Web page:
Leave Her To Heaven is a stylish psychological thriller starring Gene Tierney as Ellen, the stunningly beautiful wife of handsome writer Richard Harland, played by Cornel Wilde. Ellen panics as her perfect marriage unravels and Harland's work and invalid brother demand more and more of his attention. Her husband becomes unnerved by her compulsive and jealous behavior. And when the people close to him are murdered, one by one, it is obvious that this dream marriage has become a full-fledged nightmare. Based on the best-selling novel by Ben Ames Williams. This film won the Oscar(r) for Best Cinematography (Color) and received three other Academy Award(r) nominations: Best Actress for Gene Tierney, Best Sound Recording, and Best Art Direction (Color)/Interior Decoration.
Leave Her to Heaven
is one of the most unblinkingly perverse movies ever offered up as a prestige picture by a major studio in the golden age of Hollywood. Gene Tierney, whose lambent eyes, porcelain features, and sweep of healthy-American-girl hair customarily made her a 20th Century Fox icon of purity, scored an Oscar nomination playing a demonically obsessive daughter of privilege with her own monstrous notion of love. By the time she crosses eyebeams with popular novelist Cornel Wilde on a New Mexico-bound train, her jealous manipulations have driven her parents apart and her father to his grave. Well, no, not grave: Wilde soon gets to watch her gallop a glorious palomino across a red-rock horizon as she metronomically sows Dad's ashes to the winds. Mere screen moments later, she's jettisoned rising-politico fiancé Vincent Price and accepted a marriage proposal the besotted/bewildered Wilde hasn't quite made. Can the wrecking of his and several other lives be far behind? Not to mention a murder or two.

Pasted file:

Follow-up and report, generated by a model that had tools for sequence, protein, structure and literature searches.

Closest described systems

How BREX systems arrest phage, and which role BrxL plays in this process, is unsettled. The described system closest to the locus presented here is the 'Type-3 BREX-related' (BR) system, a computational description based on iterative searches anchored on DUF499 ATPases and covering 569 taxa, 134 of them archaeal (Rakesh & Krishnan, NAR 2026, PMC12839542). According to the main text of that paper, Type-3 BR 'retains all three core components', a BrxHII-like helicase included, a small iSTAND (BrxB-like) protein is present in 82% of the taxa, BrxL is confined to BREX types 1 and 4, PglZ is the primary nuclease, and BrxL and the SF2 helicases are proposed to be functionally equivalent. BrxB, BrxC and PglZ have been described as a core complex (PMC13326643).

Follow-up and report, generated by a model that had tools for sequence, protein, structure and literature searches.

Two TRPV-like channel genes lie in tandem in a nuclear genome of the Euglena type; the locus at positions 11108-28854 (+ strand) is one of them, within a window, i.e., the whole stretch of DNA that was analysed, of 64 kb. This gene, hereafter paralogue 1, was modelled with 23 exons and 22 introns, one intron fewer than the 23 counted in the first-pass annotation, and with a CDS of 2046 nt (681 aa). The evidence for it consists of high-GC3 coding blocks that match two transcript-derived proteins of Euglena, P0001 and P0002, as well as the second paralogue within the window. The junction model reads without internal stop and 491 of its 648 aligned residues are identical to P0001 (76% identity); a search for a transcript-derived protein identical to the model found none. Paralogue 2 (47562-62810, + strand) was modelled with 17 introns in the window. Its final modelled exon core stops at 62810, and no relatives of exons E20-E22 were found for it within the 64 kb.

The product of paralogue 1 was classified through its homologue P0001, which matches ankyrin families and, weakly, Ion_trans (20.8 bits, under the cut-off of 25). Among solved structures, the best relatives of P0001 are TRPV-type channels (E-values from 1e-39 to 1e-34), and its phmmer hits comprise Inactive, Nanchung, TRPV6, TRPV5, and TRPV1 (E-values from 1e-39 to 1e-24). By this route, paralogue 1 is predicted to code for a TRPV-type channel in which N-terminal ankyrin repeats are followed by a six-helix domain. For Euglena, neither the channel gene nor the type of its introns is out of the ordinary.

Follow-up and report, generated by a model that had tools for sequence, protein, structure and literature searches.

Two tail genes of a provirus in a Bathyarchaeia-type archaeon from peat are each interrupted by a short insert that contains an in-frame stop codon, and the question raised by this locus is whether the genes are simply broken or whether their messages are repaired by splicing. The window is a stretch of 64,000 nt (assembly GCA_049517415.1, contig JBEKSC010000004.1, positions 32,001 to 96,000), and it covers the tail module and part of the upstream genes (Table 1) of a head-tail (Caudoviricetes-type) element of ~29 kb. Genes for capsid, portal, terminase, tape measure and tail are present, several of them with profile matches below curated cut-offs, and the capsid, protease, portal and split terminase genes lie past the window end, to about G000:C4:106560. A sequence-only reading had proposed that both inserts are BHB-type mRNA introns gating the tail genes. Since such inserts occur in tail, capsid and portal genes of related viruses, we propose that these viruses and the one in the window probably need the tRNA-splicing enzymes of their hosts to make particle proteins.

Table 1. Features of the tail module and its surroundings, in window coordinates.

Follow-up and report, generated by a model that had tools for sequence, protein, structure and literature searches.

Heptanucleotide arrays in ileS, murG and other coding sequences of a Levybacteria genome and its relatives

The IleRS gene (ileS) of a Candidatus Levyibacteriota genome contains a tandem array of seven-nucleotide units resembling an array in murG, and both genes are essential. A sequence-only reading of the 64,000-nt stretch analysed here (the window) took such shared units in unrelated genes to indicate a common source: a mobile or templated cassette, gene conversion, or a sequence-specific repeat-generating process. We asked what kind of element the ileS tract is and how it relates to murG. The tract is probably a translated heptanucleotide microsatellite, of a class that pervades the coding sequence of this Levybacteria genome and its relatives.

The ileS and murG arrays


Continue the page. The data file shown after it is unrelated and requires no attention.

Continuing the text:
Fox gave Ben Ames Williams's bestselling novel (probably just the sort of book Wilde's character writes) the Class-A treatment. Alfred Newman's tympani-heavy music score signals both grandeur and pervasive psychosis, while spectacular, dust-jacket-worthy locations and Oscar-destined Technicolor cinematography by Leon Shamroy ensure our fixed gaze. Impeccably directed by the veteran John M. Stahl (who'd made the original Back Street, Imitation of Life, and Magnificent Obsession a decade earlier), the result is at once cuckoo and hieratic, and weirdly mesmerizing. Bet Luis Buñuel loved it. --Richard T. Jameson